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One promise of technology is that it is a great equalizer. But the reality hasn’t been quite that simple.
The infusion of technology into more industries is one factor that has Andled to a division of the American work force between promising jobs with good salaries and low-wage work with less possibility of advancement. My colleague Ben Casselman recently wrote about the pandemic causing more companies to use automation, which could eliminate jobs and erode bargaining power, particularly for lower-paid service workers.
Remote work could further widen the divide if it sticks around as another legacy of the pandemic. Professionals with desk jobs might have the option to untether themselves, at least part time, from a physical work location. But you can’t butcher cattle, take care of children or repave a highway by Zoom.
Apple has plans for a new pilot program that might show that there could be a more democratic path for remote work. The company said that it would experiment with letting its retail store employees work partly outside a store location, Bloomberg News reported last week. Even before the coronavirus, more customer service jobs had been shifting from call centers to remote at least part of the time, too.
It’s an intriguing sign that technology could make the option of remote work available to more than just professionals, who are a minority of the American work force. Only about one in six US employees have been working remotely during the pandemic.
I will acknowledge that Apple might be an outlier, and that working for one of its retail stores is different from other kinds of in-person work. Apple store workers can offer technical advice or handle online sales without being face-to-face with customers. That’s not as easy for people employed in most other retail jobs, or in health care, manufacturing, construction and restaurants.
But one thing we should take away from this pandemic is that it most likely won’t be the last crisis that disrupts normal life. It’s good if more people, businesses, governments and technologists are thinking now about how to make it possible to do more activities temporarily online — not as a nice-to-have for a select few, but as a necessity for everyone.
That requires tackling America’s unequal and ineffective internet system and changing the mind-sets of employers and employees about working away from a job location. And it might require technologies to reimagine remote work for more kinds of workers. Schools were forced to go online in an emergency, and it didn’t go very well for many people. But we might not have a choice if future pandemics, climate change-related wildfires or other emergencies again interrupt school, work and life.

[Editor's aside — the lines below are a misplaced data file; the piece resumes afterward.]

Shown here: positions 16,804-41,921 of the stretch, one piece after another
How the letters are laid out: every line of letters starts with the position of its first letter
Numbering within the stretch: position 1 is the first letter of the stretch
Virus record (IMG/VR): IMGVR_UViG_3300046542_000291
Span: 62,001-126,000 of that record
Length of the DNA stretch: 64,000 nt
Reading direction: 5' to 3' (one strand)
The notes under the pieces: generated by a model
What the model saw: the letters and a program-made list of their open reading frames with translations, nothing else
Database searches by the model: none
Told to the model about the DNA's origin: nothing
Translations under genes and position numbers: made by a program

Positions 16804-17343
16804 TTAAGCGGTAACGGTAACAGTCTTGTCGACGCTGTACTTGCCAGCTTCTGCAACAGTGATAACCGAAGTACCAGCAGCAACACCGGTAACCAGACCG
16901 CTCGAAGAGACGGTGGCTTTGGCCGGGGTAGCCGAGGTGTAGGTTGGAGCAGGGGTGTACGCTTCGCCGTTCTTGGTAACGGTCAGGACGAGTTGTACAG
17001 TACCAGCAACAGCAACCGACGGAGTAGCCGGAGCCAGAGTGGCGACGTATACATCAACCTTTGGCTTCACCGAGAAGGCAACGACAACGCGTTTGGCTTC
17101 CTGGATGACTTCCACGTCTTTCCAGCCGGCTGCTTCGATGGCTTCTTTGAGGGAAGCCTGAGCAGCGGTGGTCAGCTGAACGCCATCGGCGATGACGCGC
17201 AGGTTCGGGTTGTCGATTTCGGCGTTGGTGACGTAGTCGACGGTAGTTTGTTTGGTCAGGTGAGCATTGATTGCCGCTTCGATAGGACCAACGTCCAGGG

The good news is that technology has already made a leap like this before — from the professional classes to everyone. Computers used to be confined to beige boxes that sat on office desks. Now almost every business and worker relies on technology in some form every day — for better and sometimes for worse.
To prepare for a future that might be marred by more crises that force us apart, we should focus on technologies that make it possible for people to be apart and still muddle through as best as we can online.
Tip of the Week
It’s a bad time to buy a new phone
Unless you accidentally broke your phone during holiday weekend celebrations, it might not be a great idea to buy a new smartphone right now. Brian X. Chenthe consumer technology columnist for The New York Times, explains why.
Now is the best time to wait to buy a shiny new phone. Similar to clothing, tech products have seasonality. Companies typically release their big phone upgrades in the fall, ahead of the holiday shopping season.
That means if you bought the current model iPhone 12 or Pixel 5 today, you might feel disappointed in a few months when Apple and Google release the successors to those phones and cut prices on previous models.
There are some safer buys right now. Generally, anything released in the last six months probably isn’t due for a refresh until next year. Apple typically releases new models of its tablets in the spring, for example, so now is a fine time to grab a new iPad. But it may still be better to wait because retailers often slash prices on tablets during Black Friday.
My advice: Keep thy credit cards in your wallet. In the meantime, you can revisit my column on how to make your tech last longer by taking steps like installing a fresh battery, doing a deep clean and decluttering your data. You might end up changing your mind totally about buying something new.
Before we go…
The Chinese government is the boss. Didi, the large on-demand ride company in China, was pulled off the country’s app stores because China’s internet regulator said it was concerned over how the company handled customer data. My colleague Ray Zhong writes that orders affecting Didi and two other tech companies that recently went public in the United States show that China’s authorities are calling the shots in business.
Where there’s a will (and money), there’s a way: My colleague Erin Woo reports on start-ups that are pitching companies on technologies to make it easier or more productive for office jobs to go remote. One start-up makes an owl-shaped speaker that stands in for a remote worker during a meeting and “automatically zooms in on the person who is speaking.”
The snapshots of text on your phone are not all pointless clutter. “If memories are what make us human, then our screenshots tell a story about who we are in the digital age,” Clio Chang writes for The New York Times Magazine.
Hugs to this
Amazing catch, kid! Thanks to an On Tech reader — Scott Lewis in Ellensburg, Wash. — for suggesting this highlight from a recent baseball game in Pittsburgh. Here’s more about that talented fan, 11-year-old Christian Gale.
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